Adapt to changes in job mar­ket

China Daily (Canada) - - COMMENT -

China should re­form its ed­u­ca­tion sys­tem to bet­ter serve its in­dus­try and eco­nomic de­vel­op­ment. And the pub­lic should elim­i­nate their dis­crim­i­na­tion against blue-col­lar work­ers, says an ar­ti­cle in the China Youth Daily. Ex­cerpts:

A doc­tor­ate grad­u­ate in elec­tronic en­gi­neer­ing from Ts­inghua Univer­sity who took a job as a blue-col­lar elec­tri­cian in Shang­hai stirred wide de­bate on the value of aca­demic qual­i­fi­ca­tions in mod­ern China.

Many of his class­mates have be­come schol­ars and ex­ec­u­tive man­agers, which are con­sid­ered proper pro­fes­sions for some­one as well ed­u­cated as him. Some peo­ple think that he is wast­ing his tal­ent as a blue-col­lar worker.

This opin­ion has a big mar­ket among the pub­lic, as many peo­ple’s mind­sets are framed by the blind su­per­sti­tion about aca­demic qual­i­fi­ca­tions and an in­grained prej­u­dice against blue-col­lar jobs.

The young man has the free­dom to choose what job he takes. Many doc­tor­ate grad­u­ates work their way up from low-level posts, which ac­tu­ally pro­vide them good op­por­tu­ni­ties to put their knowl­edge into prac­tice.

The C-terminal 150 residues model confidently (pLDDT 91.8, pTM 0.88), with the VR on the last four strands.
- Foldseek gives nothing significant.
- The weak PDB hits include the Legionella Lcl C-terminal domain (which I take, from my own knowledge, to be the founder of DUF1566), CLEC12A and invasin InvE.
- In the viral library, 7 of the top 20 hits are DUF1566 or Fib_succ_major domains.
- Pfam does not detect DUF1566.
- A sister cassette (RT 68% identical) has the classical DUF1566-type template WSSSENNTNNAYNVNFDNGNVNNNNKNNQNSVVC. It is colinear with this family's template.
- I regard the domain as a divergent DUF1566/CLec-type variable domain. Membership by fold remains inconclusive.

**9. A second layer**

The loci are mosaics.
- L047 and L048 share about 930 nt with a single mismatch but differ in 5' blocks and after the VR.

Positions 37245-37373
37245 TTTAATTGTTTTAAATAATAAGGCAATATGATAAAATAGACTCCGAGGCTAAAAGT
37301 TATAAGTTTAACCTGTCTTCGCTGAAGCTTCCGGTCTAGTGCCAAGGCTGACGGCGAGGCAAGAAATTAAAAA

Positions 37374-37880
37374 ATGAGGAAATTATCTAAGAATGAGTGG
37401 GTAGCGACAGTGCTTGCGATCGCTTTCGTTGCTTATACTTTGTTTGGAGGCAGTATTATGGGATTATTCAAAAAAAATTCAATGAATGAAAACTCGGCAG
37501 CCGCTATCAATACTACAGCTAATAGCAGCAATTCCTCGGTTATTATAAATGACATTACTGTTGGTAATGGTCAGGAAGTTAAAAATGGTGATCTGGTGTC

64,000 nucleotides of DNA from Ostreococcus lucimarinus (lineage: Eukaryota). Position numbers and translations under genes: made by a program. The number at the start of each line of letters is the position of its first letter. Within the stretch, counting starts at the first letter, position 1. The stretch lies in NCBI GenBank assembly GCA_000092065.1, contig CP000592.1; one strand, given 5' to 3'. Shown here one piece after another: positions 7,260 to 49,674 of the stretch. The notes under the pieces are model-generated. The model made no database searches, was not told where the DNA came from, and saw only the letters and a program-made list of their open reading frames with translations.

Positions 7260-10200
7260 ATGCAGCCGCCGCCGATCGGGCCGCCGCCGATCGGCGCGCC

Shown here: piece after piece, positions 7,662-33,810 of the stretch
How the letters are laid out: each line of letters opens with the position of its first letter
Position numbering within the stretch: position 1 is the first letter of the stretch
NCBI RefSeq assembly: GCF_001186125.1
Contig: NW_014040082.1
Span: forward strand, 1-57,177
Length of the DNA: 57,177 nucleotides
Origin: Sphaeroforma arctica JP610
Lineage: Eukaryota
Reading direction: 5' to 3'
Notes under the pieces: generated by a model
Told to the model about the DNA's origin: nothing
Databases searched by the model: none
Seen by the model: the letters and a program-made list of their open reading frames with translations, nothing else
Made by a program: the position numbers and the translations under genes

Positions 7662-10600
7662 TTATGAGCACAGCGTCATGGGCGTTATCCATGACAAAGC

Even if a doc­tor­ate grad­u­ate chooses to be­come a scholar, he still needs to start work­ing as an or­di­nary teacher at a school. It de­pends on theirown­ef­forts whether they can be­come a fa­mous scholar.

There are­many cases of doc­tor­ate grad­u­ates who can­not adapt to be­ing se­nior man­agers or gov­ern­ment of­fi­cials as their first job after they stop study­ing.

Mean­while, there are many vo­ca­tional schoolsinChi­nathat­pro­ducealargenum­bero­fassem­bly­linework­ers. But­thetrans­for­ma­tion of the eco­nomic struc­ture and the up­grad­ing of in­dus­tries now re­quires bet­ter vo­ca­tional ed­u­ca­tion.

The ed­u­ca­tion au­thor­i­ties should ad­just­thee­d­u­ca­tion­struc­ture to­bet­ter fit the changes tak­ing place in the em­ploy­ment mar­ket. China needs more tech­ni­cians, and more poly­tech­nic col­leges to cul­ti­vate bet­ter qual­i­fied pro­fes­sional tal­ents. The opin­ions ex­pressed on this page do not nec­es­sar­ily re­flect those of China Daily US edi­tion.

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